How to Make a 3D Pixel Type in Illustrator

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It’s time to get in touch with your 8-bit self.

There are endless uses for having your own pixel type: you can stick a fun phrase on a tee, make some retro stickers, create an image to introduce yourself on your RB profile, or more.  The beauty of this simple tutorial is the ability to fully customize it. Once you have the principles down, you can slap on your own background on it, or experiment further to really make a unique and quirky design. The only thing you need to get going is a copy of Illustrator, this font installed in your Font Book, and true appreciation of all things pixelated.


1. Download your free font from dafont

Go here and download a free pixel font for your Font Book called “04b03, it’s super easy to grab and install. Once you’ve got your font installed, open up a new document in Illustrator and use the Text Tool to type out your text. Try and keep it to one word, or a short phrase. Once you’ve typed out your word(s) make sure you outline the text before moving on. To do this, go Type>Create Outlines or Shift+Command+O.

If you need help check out the Mac instructions to install fonts.

2. Choose a fill color for the text

This is an easy step, simply choose a fill color for the text and click on the “Fill” color square and then again on your outlined letters. You can completely change the color later, so choose any bright color for now. We’re going to use the Extrude and Bevel tool later, so a nice bright color will help you see shifts in light and dark and shading in your colors.

3. Extrude and Bevel

Select the outline of your letters again, then go Filter>Effect>3D>Extrude and Bevel to open up a strange looking box which is the Extrude and Bevel dialog box.

Once in the dialog box, there are heaps of options to choose between. The only thing we’re going to change is the Extrude Depth which should be changed to “40 pt”. Boom! Depth!

4. Use the Magic Wand

Select your Magic Wand  tool and choose the lightest color on your newly beveled lettering. This will be a “front” piece of the lettering. You’ll notice with the Magic Wand tool selected that you’ll choose every identical lightest color. Once you’ve selected all the front pieces of your lettering, click the Gradient menu and make a linear Gradient across your lettering. Click on either end of the white to black gradient slider to bring up the color selection palette. Try and choose complimentary colors, or stick with one color and play with the gradient white-to-black slider for a uniform look.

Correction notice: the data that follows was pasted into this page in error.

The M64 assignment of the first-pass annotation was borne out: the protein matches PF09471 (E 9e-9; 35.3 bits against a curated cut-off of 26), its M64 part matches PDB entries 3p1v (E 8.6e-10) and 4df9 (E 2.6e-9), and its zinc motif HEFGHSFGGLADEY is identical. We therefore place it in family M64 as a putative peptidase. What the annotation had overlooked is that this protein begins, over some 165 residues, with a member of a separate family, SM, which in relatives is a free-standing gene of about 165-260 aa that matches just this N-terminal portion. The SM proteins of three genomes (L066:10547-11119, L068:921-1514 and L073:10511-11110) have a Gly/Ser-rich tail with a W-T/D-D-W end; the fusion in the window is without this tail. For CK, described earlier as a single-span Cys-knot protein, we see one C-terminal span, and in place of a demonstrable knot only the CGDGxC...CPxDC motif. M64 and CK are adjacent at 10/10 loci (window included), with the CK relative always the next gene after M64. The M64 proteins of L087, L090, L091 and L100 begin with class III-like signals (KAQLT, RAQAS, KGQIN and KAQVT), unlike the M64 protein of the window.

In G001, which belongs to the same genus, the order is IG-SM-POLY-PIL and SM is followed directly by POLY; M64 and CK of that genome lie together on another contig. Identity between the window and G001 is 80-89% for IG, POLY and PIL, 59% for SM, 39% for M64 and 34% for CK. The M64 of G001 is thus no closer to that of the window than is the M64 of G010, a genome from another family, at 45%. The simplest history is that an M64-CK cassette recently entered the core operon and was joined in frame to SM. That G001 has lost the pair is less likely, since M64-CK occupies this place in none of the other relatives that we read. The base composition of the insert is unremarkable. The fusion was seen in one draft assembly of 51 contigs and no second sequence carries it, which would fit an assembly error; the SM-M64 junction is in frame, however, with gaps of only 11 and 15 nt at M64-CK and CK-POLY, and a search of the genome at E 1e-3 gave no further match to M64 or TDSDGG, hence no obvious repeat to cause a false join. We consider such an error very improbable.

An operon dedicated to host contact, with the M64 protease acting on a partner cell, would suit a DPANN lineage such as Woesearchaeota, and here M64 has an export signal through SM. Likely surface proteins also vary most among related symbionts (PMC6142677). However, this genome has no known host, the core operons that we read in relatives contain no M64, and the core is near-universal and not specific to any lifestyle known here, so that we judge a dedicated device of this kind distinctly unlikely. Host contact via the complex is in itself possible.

If you find that your Magic Wand tool is picking up the lightest color, as well as the color on the top of your letters, you can adjust it by double clicking the Magic Wand tool and turn the “Tolerance” slider that appears in the Magic Wand menu down to 10 (or even 5). This makes the Magic Wand more sensitive to color shading changes and will pick up on slight differences in colors.

5. Adjust your Gradient angle to 90 degrees

Make your gradient look more consistent and polished by adjusting the gradient angle to 90 degrees. This will make the gradient look like there is a consistent light source coming from the right hand side of your artwork, and will tie in nicely with the background that we’ll create to go with the type.

Repeat this process so you’ve applied a Gradient Fill to the front, top, and sides of your pixel type.

6. Make a new rectangle

With the Rectangle tool, drag open a rectangle and send it to the back of your artwork. Add a Gradient Fill with a complimentary or juxtaposing color, similarly to the way you colored your lettering.

7. Create a radial starburst

Make an ellipse with the Ellipse Tool that is a perfect circle (you can see the sizes as you drag it open) with no fill, and a white stroke, and centre the ellipse behind your pixel type. Send the ellipse behind the pixel type.

Go Appearances>Stroke and minimize the Stroke point down to a size you prefer (anywhere from 200 to 50 is a good chunky size range). In the Stroke Panel, click on the Dashed Line check box and locate the Dash box and enter “50” to give you a strong circular radial burst.

With your ellipse selected, click on the Transparency menu and drop the transparency down to 20% or lower.

8. Apply finishing touches

You can export the image to Photoshop and add finishing touches, bump your contrast or add a slight edge blue to melt in the radial burst. How did you go making your own type? Add your username in giant pixel type to your RB profile, or make a poster or card with an important chunky message. We’d love to see your results or other pixel artwork in the comments below.

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